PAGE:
Weekly Maritime News and Comment.
By Tom MacSweeney, Marine Correspondent
Dateline – June 30, 2014.
GOVERNMENT PLANNING A NEW MARITIME SAFETY STRATEGY
The Irish Maritime Administration, which is effectively the Coast Guard and other sections of maritime transport within the Department of Transport, Tourism and Sport, has decided that Ireland needs a new maritime safety culture. What effects will this have?
To read this story, please go to my weekly THIS ISLAND NATION blog on the Afloat magazine website: https://bit.ly/1lKC93v
TOP AWARD FOR BALLYGLASS MAN
The top award which the RNLI can give to a volunteer for services to the lifeboats is Honorary Lifeboat Governorship. It is handed out only sparingly. Buddy Valkenburg from Ballyglass in County Mayo has been awarded this distinction for his work in support of the service and the West Coast lifeboat station. “Long before a lifeboat was placed in Ballyglass in 1989 he was fundraising for the RNLI and has been a tremendous source of support for very many years,” according to RNLI Chairman, Charles Hunter-Pease, who presented the award.
Attempts are being made to form a national organisation for island fishermen. This follows the setting-up of the Donegal Islands Marine Resource Organisation which has met with representatives from Donegal, Mayo, Galway and Cork.
GO BY SHIP
After my difficulties with Aer Lingus last week at Cork Airport when travelling to Lisbon, 493 readers responded, a great majority of whom have also found airports unpleasant, unhelpful places. I eventually got to Lisbon via Faro to see the way in which that nation takes pride in its maritime heritage. Many of my maritime contacts suggested I should forge the airways. “Should have gone by ferry,” wrote Capt. Aedan Jameson, an old friend who is Operations Manager and Harbour Master at Rosslare Ferryport. Other maritime contacts wrote: “Ships carry your car and make travel easy;” and “Ferries respect people, airports don’t.” Cork Airport management has shown the good manners to contact me and apologise for what happened. However, not a sign of any such communication from Aer Lingus with which airline I was booked, as I write this week’s Facebook.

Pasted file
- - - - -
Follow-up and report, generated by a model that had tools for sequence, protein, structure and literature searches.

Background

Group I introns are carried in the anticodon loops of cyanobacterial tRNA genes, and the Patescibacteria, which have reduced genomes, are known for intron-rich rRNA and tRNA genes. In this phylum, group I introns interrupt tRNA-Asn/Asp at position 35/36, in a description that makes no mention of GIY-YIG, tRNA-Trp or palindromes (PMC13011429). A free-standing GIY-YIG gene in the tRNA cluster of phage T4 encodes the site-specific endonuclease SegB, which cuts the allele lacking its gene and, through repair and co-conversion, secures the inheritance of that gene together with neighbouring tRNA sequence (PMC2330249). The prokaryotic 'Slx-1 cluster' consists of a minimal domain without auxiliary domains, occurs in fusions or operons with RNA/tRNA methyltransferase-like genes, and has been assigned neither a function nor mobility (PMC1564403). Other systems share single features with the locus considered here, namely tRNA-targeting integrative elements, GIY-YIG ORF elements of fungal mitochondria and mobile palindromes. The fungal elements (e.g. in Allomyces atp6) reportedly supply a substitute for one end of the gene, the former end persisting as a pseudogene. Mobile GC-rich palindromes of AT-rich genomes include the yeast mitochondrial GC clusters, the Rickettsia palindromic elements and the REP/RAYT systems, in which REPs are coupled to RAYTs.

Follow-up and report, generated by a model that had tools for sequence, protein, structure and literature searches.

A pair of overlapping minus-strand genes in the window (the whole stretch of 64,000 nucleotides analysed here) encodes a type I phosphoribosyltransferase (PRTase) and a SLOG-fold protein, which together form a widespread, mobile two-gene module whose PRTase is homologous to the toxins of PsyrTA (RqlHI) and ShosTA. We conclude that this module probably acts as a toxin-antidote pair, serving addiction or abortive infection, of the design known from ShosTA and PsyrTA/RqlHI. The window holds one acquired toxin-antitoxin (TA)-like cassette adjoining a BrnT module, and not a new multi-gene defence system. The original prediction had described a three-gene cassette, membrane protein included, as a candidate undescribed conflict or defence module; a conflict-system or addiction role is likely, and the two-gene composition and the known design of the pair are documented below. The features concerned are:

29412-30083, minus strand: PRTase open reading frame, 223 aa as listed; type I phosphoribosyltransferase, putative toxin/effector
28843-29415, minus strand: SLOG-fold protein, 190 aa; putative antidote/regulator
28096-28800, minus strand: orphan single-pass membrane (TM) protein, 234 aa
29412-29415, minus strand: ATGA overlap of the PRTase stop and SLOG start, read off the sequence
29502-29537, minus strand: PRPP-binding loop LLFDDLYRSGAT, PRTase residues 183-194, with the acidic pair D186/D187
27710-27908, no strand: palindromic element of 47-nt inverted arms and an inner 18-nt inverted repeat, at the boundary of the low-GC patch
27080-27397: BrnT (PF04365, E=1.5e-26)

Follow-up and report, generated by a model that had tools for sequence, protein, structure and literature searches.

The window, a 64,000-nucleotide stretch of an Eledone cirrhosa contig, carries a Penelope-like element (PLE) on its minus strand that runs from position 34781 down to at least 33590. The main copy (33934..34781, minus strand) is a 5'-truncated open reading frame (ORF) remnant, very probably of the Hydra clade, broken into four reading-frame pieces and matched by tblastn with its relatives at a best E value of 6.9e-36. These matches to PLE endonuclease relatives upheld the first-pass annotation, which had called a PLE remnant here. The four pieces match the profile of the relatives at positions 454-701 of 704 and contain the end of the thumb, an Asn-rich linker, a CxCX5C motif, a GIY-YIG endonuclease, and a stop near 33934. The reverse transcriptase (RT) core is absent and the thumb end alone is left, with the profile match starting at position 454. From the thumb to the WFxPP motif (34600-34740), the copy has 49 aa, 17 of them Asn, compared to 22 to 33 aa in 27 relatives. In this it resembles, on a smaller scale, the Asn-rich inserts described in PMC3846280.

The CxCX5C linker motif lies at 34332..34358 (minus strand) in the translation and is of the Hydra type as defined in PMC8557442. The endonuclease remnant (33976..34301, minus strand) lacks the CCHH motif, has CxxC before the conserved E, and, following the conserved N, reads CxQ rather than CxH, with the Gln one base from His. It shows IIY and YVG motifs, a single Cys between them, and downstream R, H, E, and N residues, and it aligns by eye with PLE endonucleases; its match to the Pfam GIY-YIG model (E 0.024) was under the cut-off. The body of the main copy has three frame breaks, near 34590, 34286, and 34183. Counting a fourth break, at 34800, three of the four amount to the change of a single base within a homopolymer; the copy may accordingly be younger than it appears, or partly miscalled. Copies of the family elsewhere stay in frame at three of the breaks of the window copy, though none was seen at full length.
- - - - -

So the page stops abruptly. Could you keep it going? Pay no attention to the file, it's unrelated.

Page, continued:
A PICTURE WHICH HAS A STRONG FISHING MESSAGE
The screen shot, reproduced here, is from the ‘tracking app’ which locates fishing boats in Irish waters. In June it showed gill netters and longliners along the length of the West and South West Coasts of Ireland. Published in The Marine Times newspaper, there were only two Irish boats amongst all those vessels. Most of the Irish fleet forced to remain in port because of not being allowed catching quotas by the European Union, a situation which our Government does not do enough to counteract.
THIS ISLAND NATION ON RADIO
On the July edition of THIS ISLAND NATION monthly hour-long radio programme I will be talking to the last man alive from the islanders who were evacuated from the Blasket Islands off Kerry in 1953 and 1954. As a youngster, Gearóid Cheaist Ó Catháin was described as “the loneliest boy in the world, whose only playmates are seagulls.” He tells a fascinating story about his life. I will also be discussing with Irish Sailing Association President, David Lovegrove, the ISA’s new strategy to counteract a decline in support for the sport. There will be stories about Loop Head Lighthouse; the history of Kinsale Harbour will be discussed; there will be reports from the RNLI; the Irish Water Safety Association and Inland Fisheries Ireland about the big numbers of blue sharks in Irish waters at present. The hour-long programme is produced at Community Radio, Youghal, on the East Cork coastline and broadcast at 7.30 p.m. on the first Wednesday night of each month. It is available live and as a Podcast on the station’s website www.cry104fm.com The programme is also broadcast on Near FM Dublin 90.3 on the first Friday of each month; by Raidio Corca Baiscinn in Clare on 94.8 FM and on the Afloat website www.afloat.ie and The Marine Times newspaper site www.marinetimes.ie It is available on request to all community radio stations and I would be delighted to hear from more to widen the ‘family of the sea.’
UNION HALL GETS NEW LIFEBOAT
A 16-year campaign for an inshore lifeboat at Union Hall in West Cork has come to fruition with the arrival of an Atlantic 75 inshore boat there. It is due to become operational shortly, for a two-year trial period.
CLIFDEN HAS THREE LIFEBOATS!
Clifden in County Galway is unique in Ireland at present, being the only lifeboat station in the nation which has three operational lifeboats on duty. This follows the arrival there of the all-weather lifeboat which will be on trial for the next twelve months. There is a belief that this station needs an all-weather boat in addition to the inshore boat service. The all-weather boat now stationed at Clifden is named ‘Pride and Spirit’ and will go into service next month.
A MICKEY MOUSE RESCUE
It really was the rescue of Mickey Mouse, for which the Dun Laoghaire all-weather lifeboat was called out. After a series of emergency calls reporting an object crashing into the sea off Bray, Co.Wicklow, the lifeboat launched and, after a brief search, rescued a huge Mickey Mouse balloon. The RNLI says that paragliders had been operating in the area and there were initial fears that the object observed falling into the sea might have been one of these in difficulty. “While the crew posed for pictures with this ‘celebrity’ it is a timely reminder,” said RNLI spokeswoman, Niamh Stephenson, “of being careful with all types of inflatables, both in the air and on the water.”
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